So how could flu vaccine possibly reduce total deaths by half? Tom Jefferson, a physician based in Rome and the head of the Vaccines Field at the Cochrane Collaboration, a highly respected international network of researchers who appraise medical evidence, says: “For a vaccine to reduce mortality by 50 percent and up to 90 percent in some studies means it has to prevent deaths not just from influenza, but also from falls, fires, heart disease, strokes, and car accidents. That’s not a vaccine, that’s a miracle.”
The estimate of 50 percent mortality reduction is based on “cohort studies,” which compare death rates in large groups, or cohorts, of people who choose to be vaccinated, against death rates in groups who don’t. But people who choose to be vaccinated may differ in many important respects from people who go unvaccinated—and those differences can influence the chance of death during flu season. Education, lifestyle, income, and many other “confounding” factors can come into play, and as a result, cohort studies are notoriously prone to bias. When researchers crunch the numbers, they typically try to factor out variables that could bias the results, but, as Jefferson remarks, “you can adjust for the confounders you know about, not for the ones you don’t,” and researchers can’t always anticipate what factors are likely to be important to whether a patient dies from flu. There is always the chance that they might miss some critical confounder that renders their results entirely wrong.
When Lisa Jackson, a physician and senior investigator with the Group Health Research Center, in Seattle, began wondering aloud to colleagues if maybe something was amiss with the estimate of 50 percent mortality reduction for people who get flu vaccine, the response she got sounded more like doctrine than science. “People told me, ‘No good can come of [asking] this,’” she says. “‘Potentially a lot of bad could happen’ for me professionally by raising any criticism that might dissuade people from getting vaccinated, because of course, ‘We know that vaccine works.’ This was the prevailing wisdom.”
Nonetheless, in 2004, Jackson and three colleagues set out to determine whether the mortality difference between the vaccinated and the unvaccinated might be caused by a phenomenon known as the “healthy user effect.” They hypothesized that on average, people who get vaccinated are simply healthier than those who don’t, and thus less liable to die over the short term. People who don’t get vaccinated may be bedridden or otherwise too sick to go get a shot. They may also be more likely to succumb to flu or any other illness, because they are generally older and sicker. To test their thesis, Jackson and her colleagues combed through eight years of medical data on more than 72,000 people 65 and older. They looked at who got flu shots and who didn’t. Then they examined which group’s members were more likely to die of any cause when it was not flu season.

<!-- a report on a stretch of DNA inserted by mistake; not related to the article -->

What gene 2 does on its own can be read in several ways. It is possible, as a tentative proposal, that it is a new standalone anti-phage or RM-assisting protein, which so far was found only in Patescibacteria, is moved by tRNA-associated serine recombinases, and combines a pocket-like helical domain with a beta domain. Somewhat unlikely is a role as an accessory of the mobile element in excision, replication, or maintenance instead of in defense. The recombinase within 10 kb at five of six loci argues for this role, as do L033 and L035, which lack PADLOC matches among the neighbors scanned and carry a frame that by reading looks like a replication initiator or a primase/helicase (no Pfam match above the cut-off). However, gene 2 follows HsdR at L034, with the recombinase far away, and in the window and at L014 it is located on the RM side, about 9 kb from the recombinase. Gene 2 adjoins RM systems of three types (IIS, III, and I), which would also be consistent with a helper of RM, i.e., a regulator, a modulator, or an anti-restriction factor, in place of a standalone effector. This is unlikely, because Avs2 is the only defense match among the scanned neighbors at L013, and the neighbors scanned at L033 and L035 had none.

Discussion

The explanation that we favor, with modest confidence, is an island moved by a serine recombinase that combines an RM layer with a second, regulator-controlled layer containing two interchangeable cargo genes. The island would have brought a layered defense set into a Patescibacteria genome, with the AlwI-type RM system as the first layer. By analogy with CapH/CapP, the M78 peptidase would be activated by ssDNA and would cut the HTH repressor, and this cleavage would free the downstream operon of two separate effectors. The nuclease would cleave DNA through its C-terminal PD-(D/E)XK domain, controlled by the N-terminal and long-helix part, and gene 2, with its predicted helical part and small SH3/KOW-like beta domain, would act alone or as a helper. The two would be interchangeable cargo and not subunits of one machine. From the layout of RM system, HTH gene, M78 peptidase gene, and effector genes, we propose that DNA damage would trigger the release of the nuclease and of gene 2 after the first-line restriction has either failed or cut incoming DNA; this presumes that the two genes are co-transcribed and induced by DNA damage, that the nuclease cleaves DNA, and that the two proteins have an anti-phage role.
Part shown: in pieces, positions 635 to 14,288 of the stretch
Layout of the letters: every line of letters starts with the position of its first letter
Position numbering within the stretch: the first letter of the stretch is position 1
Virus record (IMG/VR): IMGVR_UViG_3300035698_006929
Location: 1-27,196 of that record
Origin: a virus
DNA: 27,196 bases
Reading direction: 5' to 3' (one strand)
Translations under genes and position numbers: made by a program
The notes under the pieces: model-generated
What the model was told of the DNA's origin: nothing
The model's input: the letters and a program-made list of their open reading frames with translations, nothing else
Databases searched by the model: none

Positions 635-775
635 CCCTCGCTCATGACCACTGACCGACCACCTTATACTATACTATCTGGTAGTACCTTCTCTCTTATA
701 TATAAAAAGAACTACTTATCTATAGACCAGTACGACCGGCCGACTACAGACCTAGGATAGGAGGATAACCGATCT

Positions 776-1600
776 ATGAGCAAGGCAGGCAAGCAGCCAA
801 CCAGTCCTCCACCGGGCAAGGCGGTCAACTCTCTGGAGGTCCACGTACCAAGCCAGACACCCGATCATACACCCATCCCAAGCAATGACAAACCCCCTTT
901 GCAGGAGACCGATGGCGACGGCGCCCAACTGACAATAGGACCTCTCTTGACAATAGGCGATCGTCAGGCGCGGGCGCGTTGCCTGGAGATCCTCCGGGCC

Jackson’s findings showed that outside of flu season, the baseline risk of death among people who did not get vaccinated was approximately 60 percent higher than among those who did, lending support to the hypothesis that on average, healthy people chose to get the vaccine, while the “frail elderly” didn’t or couldn’t. In fact, the healthy-user effect explained the entire benefit that other researchers were attributing to flu vaccine, suggesting that the vaccine itself might not reduce mortality at all. Jackson’s papers “are beautiful,” says Lone Simonsen, who is a professor of global health at George Washington University, in Washington, D.C., and an internationally recognized expert in influenza and vaccine epidemiology. “They are classic studies in epidemiology, they are so carefully done.”
The results were also so unexpected that many experts simply refused to believe them. Jackson’s papers were turned down for publication in the top-ranked medical journals. One flu expert who reviewed her studies for the Journal of the American Medical Association wrote, “To accept these results would be to say that the earth is flat!” When the papers were finally published in 2006, in the less prominent International Journal of Epidemiology, they were largely ignored by doctors and public-health officials. “The answer I got,” says Jackson, “was not the right answer.”
Like I said, read the rest at the link as this is less then one third of the article.